The Free Beacon first reported that the U.S. government's denial of its asylum applications could force the group of 100 Iranian Christians to be sent back to Iran amid the regime's brutal crackdown on dissidents.

Human rights activists have argued that sending the protesters back to Iran as Austria originally planned flies in the face of President Donald Trump's and other administration officials' vocal support of religious freedom around the globe and dissidents in Iran who have lead the strongest protests against the authoritarian government in Tehran over the last few weeks since the Green Revolution in 2009.

On December 28, the Iranian government sentenced two Iranian Christians to eight years in prison for "acting against national security" for trying to exempt Christian students from Islamic studies classes, according to Middle East Concern, an organization that works to defend the religious freedoms of Christians in the Middle East.

Trump this week declared Jan. 16 Religious Freedom Day and extolled the need to protect the rights of all U.S. citizens to practice the religion of their choice without fear of government reprisal. He also stressed the need to champion religious freedom around the world.

"We will be undeterred in our commitment to monitor religious persecution and implement policies that promote religious freedoms," Trump said in a statement.

The White House last Wednesday specifically called on the Iranian government to end the crackdown on the protesters and release thousands of political prisoners who have been jailed in recent weeks. Press secretary Sarah Huckabee Sanders in a statement said that the Trump administration is "deeply concerned" by reports that thousands of peaceful protesters have been arrested and called other reports that some of them have been tortured or killed "deeply disturbing."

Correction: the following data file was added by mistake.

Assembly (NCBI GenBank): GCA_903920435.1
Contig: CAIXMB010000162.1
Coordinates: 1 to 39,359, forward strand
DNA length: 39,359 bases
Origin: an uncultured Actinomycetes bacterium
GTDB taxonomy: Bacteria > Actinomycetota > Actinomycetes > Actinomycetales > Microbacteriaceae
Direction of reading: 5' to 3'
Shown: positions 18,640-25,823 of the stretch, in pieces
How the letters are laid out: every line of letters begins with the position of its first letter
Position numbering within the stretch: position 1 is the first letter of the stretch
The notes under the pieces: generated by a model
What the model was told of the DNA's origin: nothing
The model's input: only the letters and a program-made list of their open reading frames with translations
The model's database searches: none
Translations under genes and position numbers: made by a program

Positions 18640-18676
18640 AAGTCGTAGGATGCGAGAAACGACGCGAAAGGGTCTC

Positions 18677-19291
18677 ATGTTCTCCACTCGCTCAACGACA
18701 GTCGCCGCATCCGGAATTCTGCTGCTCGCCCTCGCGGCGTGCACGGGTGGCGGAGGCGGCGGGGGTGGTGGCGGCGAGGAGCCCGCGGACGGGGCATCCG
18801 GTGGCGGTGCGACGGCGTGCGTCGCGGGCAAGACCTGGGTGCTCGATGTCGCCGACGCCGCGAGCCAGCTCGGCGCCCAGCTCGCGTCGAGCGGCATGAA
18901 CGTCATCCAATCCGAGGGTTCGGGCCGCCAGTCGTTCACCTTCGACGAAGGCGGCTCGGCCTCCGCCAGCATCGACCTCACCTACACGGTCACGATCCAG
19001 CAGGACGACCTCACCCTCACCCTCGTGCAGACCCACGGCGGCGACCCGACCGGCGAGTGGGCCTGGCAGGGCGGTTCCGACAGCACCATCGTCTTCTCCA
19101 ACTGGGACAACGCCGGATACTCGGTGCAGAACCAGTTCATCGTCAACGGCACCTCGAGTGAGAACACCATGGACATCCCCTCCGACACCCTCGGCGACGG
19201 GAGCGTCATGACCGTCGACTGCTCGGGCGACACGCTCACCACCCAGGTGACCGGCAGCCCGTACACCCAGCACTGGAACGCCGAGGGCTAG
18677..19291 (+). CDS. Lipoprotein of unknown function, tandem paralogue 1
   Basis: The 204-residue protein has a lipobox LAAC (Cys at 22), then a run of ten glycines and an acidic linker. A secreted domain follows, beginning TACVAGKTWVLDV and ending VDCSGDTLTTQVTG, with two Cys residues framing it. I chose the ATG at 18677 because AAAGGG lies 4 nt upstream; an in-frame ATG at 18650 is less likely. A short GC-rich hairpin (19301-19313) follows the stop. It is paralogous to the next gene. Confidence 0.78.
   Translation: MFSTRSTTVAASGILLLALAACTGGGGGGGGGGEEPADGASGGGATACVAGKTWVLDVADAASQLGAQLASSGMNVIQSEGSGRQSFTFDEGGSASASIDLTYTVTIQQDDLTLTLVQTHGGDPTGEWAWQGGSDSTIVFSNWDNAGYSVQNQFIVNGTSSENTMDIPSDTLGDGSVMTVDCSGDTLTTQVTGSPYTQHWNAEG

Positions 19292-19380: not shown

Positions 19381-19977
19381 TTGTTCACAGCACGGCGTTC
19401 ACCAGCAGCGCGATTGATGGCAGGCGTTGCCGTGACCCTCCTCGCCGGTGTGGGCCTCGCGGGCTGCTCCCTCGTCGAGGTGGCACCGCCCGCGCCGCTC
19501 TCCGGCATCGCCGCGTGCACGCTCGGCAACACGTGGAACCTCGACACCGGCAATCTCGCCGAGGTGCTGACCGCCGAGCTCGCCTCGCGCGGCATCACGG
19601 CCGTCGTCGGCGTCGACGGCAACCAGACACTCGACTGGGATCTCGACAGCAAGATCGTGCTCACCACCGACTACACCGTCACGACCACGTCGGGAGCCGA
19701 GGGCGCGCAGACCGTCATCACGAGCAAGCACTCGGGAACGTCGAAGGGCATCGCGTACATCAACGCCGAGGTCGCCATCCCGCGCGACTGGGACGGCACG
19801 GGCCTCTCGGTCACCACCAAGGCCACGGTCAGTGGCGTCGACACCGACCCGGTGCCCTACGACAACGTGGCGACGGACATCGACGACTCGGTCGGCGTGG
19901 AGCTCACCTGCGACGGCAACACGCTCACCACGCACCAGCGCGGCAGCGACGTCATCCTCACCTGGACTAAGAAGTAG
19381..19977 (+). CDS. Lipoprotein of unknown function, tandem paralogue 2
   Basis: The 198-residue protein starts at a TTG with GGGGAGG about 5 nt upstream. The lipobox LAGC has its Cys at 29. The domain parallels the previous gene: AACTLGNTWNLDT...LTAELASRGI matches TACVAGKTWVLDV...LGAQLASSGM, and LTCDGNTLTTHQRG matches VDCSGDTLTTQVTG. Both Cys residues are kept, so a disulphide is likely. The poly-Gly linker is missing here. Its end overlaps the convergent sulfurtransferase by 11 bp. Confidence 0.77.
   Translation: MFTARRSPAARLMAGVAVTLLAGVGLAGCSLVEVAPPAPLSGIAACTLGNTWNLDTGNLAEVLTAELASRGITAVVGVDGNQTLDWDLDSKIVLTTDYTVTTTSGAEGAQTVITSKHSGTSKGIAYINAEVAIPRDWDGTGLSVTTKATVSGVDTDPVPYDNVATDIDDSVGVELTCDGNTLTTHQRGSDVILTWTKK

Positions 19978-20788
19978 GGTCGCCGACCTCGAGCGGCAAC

Human rights activists say the 100 Iranians inevitably would face immediate imprisonment or worse if they were forced to return to Iran. As many as 3,700 people have been arrested amid the uprising, and at least 22 Iranians have reportedly died in the protests and five in Iranian prisons. Families of five of the dead dissidents told the Foundation for Defense of Democracies (FDD) that the regime's claims that their relatives committed suicide in prison were likely untrue.

"The FDD has documented the murder of five dissidents or protesters in Iran in the last two weeks. It’s very likely that these minority refugees could meet the same fate. They would be put at tremendous risk of persecution after having attempted to leave Iran for the ‘Great Satan’ [the U.S.]," said Nina Shea, an international human rights lawyer who directs the Center for Religious Freedom at the Hudson Institute.

"It's unconscionable to send them back—we did not even do that to Taliban terrorists at Gitmo prison, those from China whom we feared would face persecution if we sent them back home. Instead, we found a permanent home for them in Bermuda."

Shea was referring to a secretive 2009 deal between the Obama administration and the Bermuda government to bring four Uighur members of the Taliban to stay on the island where they remain.